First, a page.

Omicron warning: The surprising symptoms you need to watch out for

OMICRON is rampaging through the country after reaching Britain's shores three weeks ago.

Thousands more Brits are coming down with the variant each day, but many might not know some of the more surprising symptoms being reported.


The ZOE Covid Symptoms Study App has been tracking cases and symptoms in the UK since the early days of the pandemic.

The experts there have become pretty good at noting changes in signs of new variants.

Their latest analysis showed only half of the people currently suffering with Covid are experiencing the classic three symptoms listed on the NHS.

These are fever, a cough or loss of smell or taste.

Within the list of new non-classic symptoms to look out for is a loss of appetite, scratchy throat (billed as the first warning sign from South African doctors) and sneezing.

A booster shot is the best protection against Omicron, with early data suggesting it pushes efficacy back up to 75 per cent.

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Dr Jenny Harries, UKHSA Chief Executive said: “Once again, we urge everyone who is able to get a booster jab to come forward and do so. It is the best defence we have against this highly transmissible new variant."

The Sun is also urging readers to sign up to the Jabs Army campaign to make the rollout as smooth and fast as possible.

The last troublesome variant before Omicron was Delta, with many cases still popping up in the UK.

It was reported by experts that symptoms had become more cold-like with Delta, especially in the vaccinated, with this seeming to continue with Omicron.

Although it appears to also have some extra unusual symptoms, and might wipe people out more due to low immunity.

The experts said: "This may come as a surprise to some, as the UK government never updated guidance on COVID symptoms beyond the classic three symptoms.

"Many months ago, the ZOE Covid Study helped to identify over 20, mostly mild, cold-like symptoms."

At the minute, the top five symptoms on the app are a runny nose, headache, fatigue, sneezing, sore throats.

Brain fog also popped up as a common symptom on the app from infected Brits.

KNOW THE SIGNS

It was doctors in South Africa that first said a scratchy throat, congestion, a dry cough and lower back pain were being picked up among Omicron patients.

Ryan Noach – chief executive of Discovery Health, the country’s largest private health insurer – made the comments after analysing some 78,000 Omicron cases.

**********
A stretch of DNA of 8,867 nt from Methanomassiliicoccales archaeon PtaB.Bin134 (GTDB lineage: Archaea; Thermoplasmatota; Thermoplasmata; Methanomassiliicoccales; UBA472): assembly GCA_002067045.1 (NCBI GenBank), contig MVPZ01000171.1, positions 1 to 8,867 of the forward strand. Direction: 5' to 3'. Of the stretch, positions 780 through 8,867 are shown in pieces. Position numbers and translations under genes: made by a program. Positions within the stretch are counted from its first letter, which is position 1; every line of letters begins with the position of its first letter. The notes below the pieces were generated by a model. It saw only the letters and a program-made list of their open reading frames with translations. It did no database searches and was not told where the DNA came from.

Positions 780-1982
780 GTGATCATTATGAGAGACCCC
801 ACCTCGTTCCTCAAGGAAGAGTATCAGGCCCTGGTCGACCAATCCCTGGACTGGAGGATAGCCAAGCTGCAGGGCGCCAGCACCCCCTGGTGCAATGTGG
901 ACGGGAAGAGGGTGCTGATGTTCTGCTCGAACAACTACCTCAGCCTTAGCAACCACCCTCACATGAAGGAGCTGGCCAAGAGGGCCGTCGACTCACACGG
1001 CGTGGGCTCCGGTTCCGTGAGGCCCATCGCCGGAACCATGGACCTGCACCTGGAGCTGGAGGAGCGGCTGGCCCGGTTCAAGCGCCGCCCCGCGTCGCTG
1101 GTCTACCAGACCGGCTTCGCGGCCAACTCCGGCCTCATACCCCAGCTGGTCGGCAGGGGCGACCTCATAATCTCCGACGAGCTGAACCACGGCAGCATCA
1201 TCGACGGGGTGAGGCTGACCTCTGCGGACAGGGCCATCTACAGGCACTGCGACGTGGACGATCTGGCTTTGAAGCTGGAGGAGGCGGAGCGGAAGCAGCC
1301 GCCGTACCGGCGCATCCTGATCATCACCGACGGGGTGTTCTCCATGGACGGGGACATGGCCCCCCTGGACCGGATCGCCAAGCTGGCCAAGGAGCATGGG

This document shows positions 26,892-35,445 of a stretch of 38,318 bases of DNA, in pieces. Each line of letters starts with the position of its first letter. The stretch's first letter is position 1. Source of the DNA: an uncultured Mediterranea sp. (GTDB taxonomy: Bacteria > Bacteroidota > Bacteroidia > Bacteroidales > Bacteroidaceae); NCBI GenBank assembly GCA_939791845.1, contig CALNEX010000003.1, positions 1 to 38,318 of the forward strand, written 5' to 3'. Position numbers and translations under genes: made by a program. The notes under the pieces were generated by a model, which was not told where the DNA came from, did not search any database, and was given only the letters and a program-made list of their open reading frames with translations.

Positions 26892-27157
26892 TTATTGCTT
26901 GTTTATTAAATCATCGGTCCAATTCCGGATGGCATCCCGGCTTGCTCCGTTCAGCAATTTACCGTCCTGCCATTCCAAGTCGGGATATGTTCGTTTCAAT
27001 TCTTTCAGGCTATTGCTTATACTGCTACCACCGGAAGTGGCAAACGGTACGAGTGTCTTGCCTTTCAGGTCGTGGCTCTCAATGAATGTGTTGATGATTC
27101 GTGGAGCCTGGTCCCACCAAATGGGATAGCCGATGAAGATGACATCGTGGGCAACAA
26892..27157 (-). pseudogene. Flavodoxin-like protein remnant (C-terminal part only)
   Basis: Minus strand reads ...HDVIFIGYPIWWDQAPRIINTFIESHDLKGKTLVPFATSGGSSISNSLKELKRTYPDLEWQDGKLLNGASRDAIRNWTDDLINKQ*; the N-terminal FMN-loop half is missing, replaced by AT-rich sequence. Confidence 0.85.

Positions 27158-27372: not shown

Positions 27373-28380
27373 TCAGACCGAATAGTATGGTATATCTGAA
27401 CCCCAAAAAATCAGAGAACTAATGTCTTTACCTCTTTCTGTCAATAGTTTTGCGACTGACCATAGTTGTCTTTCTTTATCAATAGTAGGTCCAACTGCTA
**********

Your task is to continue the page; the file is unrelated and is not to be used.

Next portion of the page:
Unben Pillay, a family doctor practising on the outskirts of Johannesburg, said that while it was still early days, “we are seeing patients present with dry cough, fever, night sweats and a lot of body pain”.

Dr Amir Khan, a British GP, described “drenching night sweats”, the kind “where you might have to get up and change your clothes”.

The UK's Omicron death toll has now risen to 12, with 104 patients in hospital with the variant.

It comes as the PM is facing a battle between ministers and experts over bringing in stricter restrictions surrounding Christmas.

The country has now got 45,145 Omicron infections, with a rise of 8,044 today.

Recently daily deaths have been around 100 on average, and as of December 13, 900 patients a day were admitted to hospital with the virus.

If you feel unwell at all, it's best to take a lateral flow to be safe. Experts have advised taking one within a few hours of heading out.

WHAT ELSE TO LOOK OUT FOR?

The virus can affect people in a dozen ways, the pandemic has shown.

Diarrhoea, confusion, loss of appetite, muscle and joint aches, a rash and irritated eyes are just some of the other reported symptoms from studies and the World Health Organization.

Some experts say if you feel unwell, regardless of the symptoms, it is worth getting tested.

If you have a cough, fever or loss of smell and/or taste, you should immediately get a test, the NHS says.

If you have a positive lateral flow test, the NHS says “get a PCR test to confirm your result as soon as possible”.

These tests can be delivered to your home for free or picked up in pharmacies, some schools and workplaces. 

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